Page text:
13 January, 2021
The House of Lords International Relations and Defence Committee has today published its report on its inquiry into the UK’s policy in Afghanistan. The inquiry, which began taking evidence on 18th September, looks to examine the current situation in Afghanistan, in light of the proposed withdrawal of military forces according to the Doha Agreement. The call for evidence asked for, inter alia, submissions setting out which major powers were active in Afghanistan and what interests and strategies they were pursuing; which non-state groups were active; analysis on the ramifications of the Doha Agreement, and recommendations for future British policy going forward.
The report recommends that the UK not withdraw troops until peace talks between the Taliban and the Kabul Government have concluded, that it considers proscribing the Islamic State Khorasan Province group, and that it maintains its aid commitments to the country to ensure continued progress. The report also warns, as did the HSC’s own evidence, that there is a grave humanitarian threat to women and minorities in Afghanistan at the hands of the Taliban and other extremist groups.
The Human Security Centre submission provided extensive analysis and featured in 7 recommendations, which were:
- Maintain a limited intelligence and counterterrorism presence in Afghanistan;
- Build strong relations with the Hazara community and other at-risk minorities to ensure strong monitoring of humanitarian risks;
- Use the UK’s unique position to build stronger links on the ground in strategic locations, particularly Baloch communities in Helmand Province and more broadly in Balochistan;
- Maintain, and, if possible, increase development commitments;
- Maintain diplomatic and political support for the Kabul Government;
- Increase cooperation with India, and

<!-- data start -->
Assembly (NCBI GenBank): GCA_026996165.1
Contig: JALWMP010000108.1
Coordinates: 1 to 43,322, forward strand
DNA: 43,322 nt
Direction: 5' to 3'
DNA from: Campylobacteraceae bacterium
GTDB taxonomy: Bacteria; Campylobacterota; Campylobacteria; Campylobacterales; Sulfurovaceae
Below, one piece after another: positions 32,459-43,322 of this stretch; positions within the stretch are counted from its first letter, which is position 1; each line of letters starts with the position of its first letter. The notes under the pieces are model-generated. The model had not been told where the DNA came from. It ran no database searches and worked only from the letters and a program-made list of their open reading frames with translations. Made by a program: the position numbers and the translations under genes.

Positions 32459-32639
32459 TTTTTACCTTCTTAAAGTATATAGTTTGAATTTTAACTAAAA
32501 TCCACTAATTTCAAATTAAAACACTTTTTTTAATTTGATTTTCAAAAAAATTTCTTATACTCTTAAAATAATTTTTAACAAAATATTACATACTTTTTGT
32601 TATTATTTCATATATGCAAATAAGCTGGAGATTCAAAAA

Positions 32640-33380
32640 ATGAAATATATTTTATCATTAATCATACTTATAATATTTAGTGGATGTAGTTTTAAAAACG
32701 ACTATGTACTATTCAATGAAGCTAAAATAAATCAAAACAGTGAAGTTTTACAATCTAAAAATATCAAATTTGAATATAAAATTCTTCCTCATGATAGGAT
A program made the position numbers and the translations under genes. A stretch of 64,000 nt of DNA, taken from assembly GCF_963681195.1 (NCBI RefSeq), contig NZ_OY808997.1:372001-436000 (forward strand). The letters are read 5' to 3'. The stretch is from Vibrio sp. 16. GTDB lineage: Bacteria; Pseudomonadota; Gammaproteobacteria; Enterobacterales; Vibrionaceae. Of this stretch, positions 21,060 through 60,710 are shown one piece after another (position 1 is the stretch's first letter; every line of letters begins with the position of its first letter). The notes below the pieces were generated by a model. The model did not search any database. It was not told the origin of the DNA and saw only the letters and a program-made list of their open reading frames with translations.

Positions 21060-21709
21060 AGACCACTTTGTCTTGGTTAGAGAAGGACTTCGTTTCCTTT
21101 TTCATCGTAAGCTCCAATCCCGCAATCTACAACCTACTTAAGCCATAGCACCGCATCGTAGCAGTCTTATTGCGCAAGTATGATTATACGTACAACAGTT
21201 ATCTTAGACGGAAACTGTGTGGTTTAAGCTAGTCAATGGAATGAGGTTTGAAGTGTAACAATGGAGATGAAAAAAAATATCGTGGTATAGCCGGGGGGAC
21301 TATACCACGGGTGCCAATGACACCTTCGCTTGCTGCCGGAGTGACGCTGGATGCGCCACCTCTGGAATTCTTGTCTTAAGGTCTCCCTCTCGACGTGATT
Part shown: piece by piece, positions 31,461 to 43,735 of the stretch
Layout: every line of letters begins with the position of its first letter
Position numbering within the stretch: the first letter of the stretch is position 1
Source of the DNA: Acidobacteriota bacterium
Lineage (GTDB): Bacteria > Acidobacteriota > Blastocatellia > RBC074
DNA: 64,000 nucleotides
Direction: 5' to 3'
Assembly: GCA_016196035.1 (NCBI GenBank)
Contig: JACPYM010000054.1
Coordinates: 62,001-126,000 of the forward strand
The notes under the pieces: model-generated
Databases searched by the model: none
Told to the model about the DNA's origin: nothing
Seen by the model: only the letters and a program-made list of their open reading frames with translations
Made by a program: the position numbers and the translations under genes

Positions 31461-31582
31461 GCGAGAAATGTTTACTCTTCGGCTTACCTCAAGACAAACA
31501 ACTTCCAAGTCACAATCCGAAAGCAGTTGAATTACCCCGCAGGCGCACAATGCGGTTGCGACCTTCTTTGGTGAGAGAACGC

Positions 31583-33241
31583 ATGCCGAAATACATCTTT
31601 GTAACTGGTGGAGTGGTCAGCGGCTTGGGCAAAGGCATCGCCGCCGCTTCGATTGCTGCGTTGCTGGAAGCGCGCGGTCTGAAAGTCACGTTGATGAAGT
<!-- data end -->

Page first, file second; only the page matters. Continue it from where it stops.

- Invest in strategic communications to combat disinformation and maintain support for the Kabul Government and broader liberal democratic values.
HSC Deputy Director Simon Schofield, who was Lead Author of the submission, said:
“The road ahead in Afghanistan is uncertain. The Taliban remain closely aligned with al Qaeda and other jihadist groups, despite reports to the contrary. The country approaches a critical crossroads at a time when international commitment to liberal democracy in Afghanistan appears to be faltering. Britain has a unique relationship with Afghanistan; it is vital that the UK supports the Kabul Government to protect women and at-risk minorities, continue progress in education and economic development, and oppose attempts to re-establish terrorist safe havens. These values are not mere ink stains on paper, they are the fundamental building blocks for the Afghan people to live free and healthily, with opportunities for all and whatever the outcome of talks, these must be protected.”
Image: NATO Secretary-General Jens Stoltenberg, President of Afghanistan Ashraf Ghani, Defense Secretary Dr. Mark T. Esper and members of the NATO, U.S., and Afghanistan delegations take a group photo at the U.S.-Afghanistan Joint Declaration Announcement at the Dilkusha Mansion Garden, Kabul, Afghanistan, Feb. 29, 2020. Photo credit, US Department of Defense, taken by U.S. Army Staff Sgt. Nicole Mejia